Australia’s first National Rural Health Commissioner toured the Darling Downs Hospital and Health Service (DDHHS) region this week to learn more about the service’s successful Queensland Rural Generalist Program.
Emeritus Professor Paul Worley travelled from his home state of South Australia to visit Toowoomba, Goondiwindi, Stanthorpe and Warwick hospitals.
The three-day tour was an opportunity for DDHHS staff to showcase how the Queensland Rural Generalist Program (QRGP) is helping to recruit, train and retain suitably qualified medical staff in regional and rural areas.
"Professor Worley’s visit was a fantastic opportunity to show how the QRGP is being successfully implemented across the Darling Downs Hospital and Health Service," Queensland Rural Medical Service Executive Director Dr Hwee Sin Chong said.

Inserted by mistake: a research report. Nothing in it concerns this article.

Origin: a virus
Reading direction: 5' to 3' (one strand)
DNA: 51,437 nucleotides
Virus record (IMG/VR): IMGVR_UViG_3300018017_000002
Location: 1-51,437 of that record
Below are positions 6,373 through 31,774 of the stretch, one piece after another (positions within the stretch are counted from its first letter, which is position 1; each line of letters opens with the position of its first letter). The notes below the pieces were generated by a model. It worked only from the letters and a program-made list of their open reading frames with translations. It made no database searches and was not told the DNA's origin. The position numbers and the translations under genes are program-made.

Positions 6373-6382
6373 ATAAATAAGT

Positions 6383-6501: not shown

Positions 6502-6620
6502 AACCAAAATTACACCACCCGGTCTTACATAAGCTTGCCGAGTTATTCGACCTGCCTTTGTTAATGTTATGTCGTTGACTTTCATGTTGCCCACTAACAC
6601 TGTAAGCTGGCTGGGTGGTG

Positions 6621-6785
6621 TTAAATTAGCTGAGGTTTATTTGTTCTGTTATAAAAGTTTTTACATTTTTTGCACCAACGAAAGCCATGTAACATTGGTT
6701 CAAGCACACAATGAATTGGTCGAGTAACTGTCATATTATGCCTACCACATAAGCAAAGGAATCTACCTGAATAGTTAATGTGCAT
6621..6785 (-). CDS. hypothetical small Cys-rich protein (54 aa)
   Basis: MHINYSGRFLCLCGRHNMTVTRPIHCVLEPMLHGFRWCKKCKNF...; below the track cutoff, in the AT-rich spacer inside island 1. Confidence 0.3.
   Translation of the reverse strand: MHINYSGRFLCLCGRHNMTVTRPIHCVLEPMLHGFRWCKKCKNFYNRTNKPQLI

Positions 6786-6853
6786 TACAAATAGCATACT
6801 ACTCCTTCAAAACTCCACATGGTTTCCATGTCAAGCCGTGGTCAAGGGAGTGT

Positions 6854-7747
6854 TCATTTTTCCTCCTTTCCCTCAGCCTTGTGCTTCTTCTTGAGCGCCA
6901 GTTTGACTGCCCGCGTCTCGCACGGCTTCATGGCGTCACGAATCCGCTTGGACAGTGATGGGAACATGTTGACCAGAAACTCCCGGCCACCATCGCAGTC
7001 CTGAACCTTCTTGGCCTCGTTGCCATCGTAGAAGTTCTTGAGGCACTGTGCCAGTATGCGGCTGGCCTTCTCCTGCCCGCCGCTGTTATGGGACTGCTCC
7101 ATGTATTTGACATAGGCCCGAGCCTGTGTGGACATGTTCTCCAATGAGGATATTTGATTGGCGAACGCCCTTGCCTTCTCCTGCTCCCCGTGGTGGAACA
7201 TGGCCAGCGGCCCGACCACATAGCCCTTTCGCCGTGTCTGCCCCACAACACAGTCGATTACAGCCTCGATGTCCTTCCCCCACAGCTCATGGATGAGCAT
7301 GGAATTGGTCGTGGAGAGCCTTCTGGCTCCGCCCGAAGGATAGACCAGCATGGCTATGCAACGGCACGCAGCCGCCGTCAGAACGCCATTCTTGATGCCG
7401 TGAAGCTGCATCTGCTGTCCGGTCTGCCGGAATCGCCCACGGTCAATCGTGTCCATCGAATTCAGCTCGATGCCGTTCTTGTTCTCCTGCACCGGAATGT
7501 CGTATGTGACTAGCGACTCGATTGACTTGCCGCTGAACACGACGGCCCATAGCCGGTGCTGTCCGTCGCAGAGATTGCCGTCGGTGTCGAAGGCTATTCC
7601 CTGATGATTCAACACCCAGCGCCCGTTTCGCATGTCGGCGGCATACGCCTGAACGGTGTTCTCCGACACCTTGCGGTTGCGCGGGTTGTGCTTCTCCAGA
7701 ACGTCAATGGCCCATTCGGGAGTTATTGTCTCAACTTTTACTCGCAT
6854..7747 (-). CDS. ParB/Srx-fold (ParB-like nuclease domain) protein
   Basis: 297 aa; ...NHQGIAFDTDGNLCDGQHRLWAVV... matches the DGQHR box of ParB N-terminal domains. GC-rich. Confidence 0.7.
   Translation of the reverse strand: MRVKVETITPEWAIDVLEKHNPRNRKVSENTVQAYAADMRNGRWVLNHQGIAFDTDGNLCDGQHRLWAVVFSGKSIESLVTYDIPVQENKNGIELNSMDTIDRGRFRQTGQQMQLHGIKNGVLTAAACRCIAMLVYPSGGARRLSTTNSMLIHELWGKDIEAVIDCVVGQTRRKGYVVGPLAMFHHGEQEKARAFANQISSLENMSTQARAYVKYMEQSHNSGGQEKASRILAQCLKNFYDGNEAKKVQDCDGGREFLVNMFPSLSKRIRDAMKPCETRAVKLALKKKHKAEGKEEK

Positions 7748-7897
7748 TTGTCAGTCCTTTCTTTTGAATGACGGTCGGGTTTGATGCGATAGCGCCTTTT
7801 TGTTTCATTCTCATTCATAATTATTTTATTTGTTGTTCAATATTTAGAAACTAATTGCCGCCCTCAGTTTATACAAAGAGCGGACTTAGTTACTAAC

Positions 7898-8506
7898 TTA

"The supported program aims to recruit and train doctors to provide them the breadth of skills needed to care for a rural community. They also develop one or two advanced skills in a specialised medical field.
"Graduands of the program are known as ‘Rural Generalists’ and are highly sought after across the state for their unique skill sets.
"We hope this visit will inform Professor Worley, in his role as National Rural Health Commissioner, to help establish a National Rural Generalist Program."
The QRGP was instigated in 2005 by a group of medical officers keen to develop a supported training pathway for doctors interested in rural medicine.
The program has grown greatly with almost 300 medical officers currently involved in the program.
Doctors can enter the program at various stages of their career, and can specialise in mental health, adult internal medicine, anaesthetics, obstetrics and paediatrics.
"We are proud of what we are achieving across the Darling Downs and I enjoyed highlighting these successes at a national level," Dr Chong said.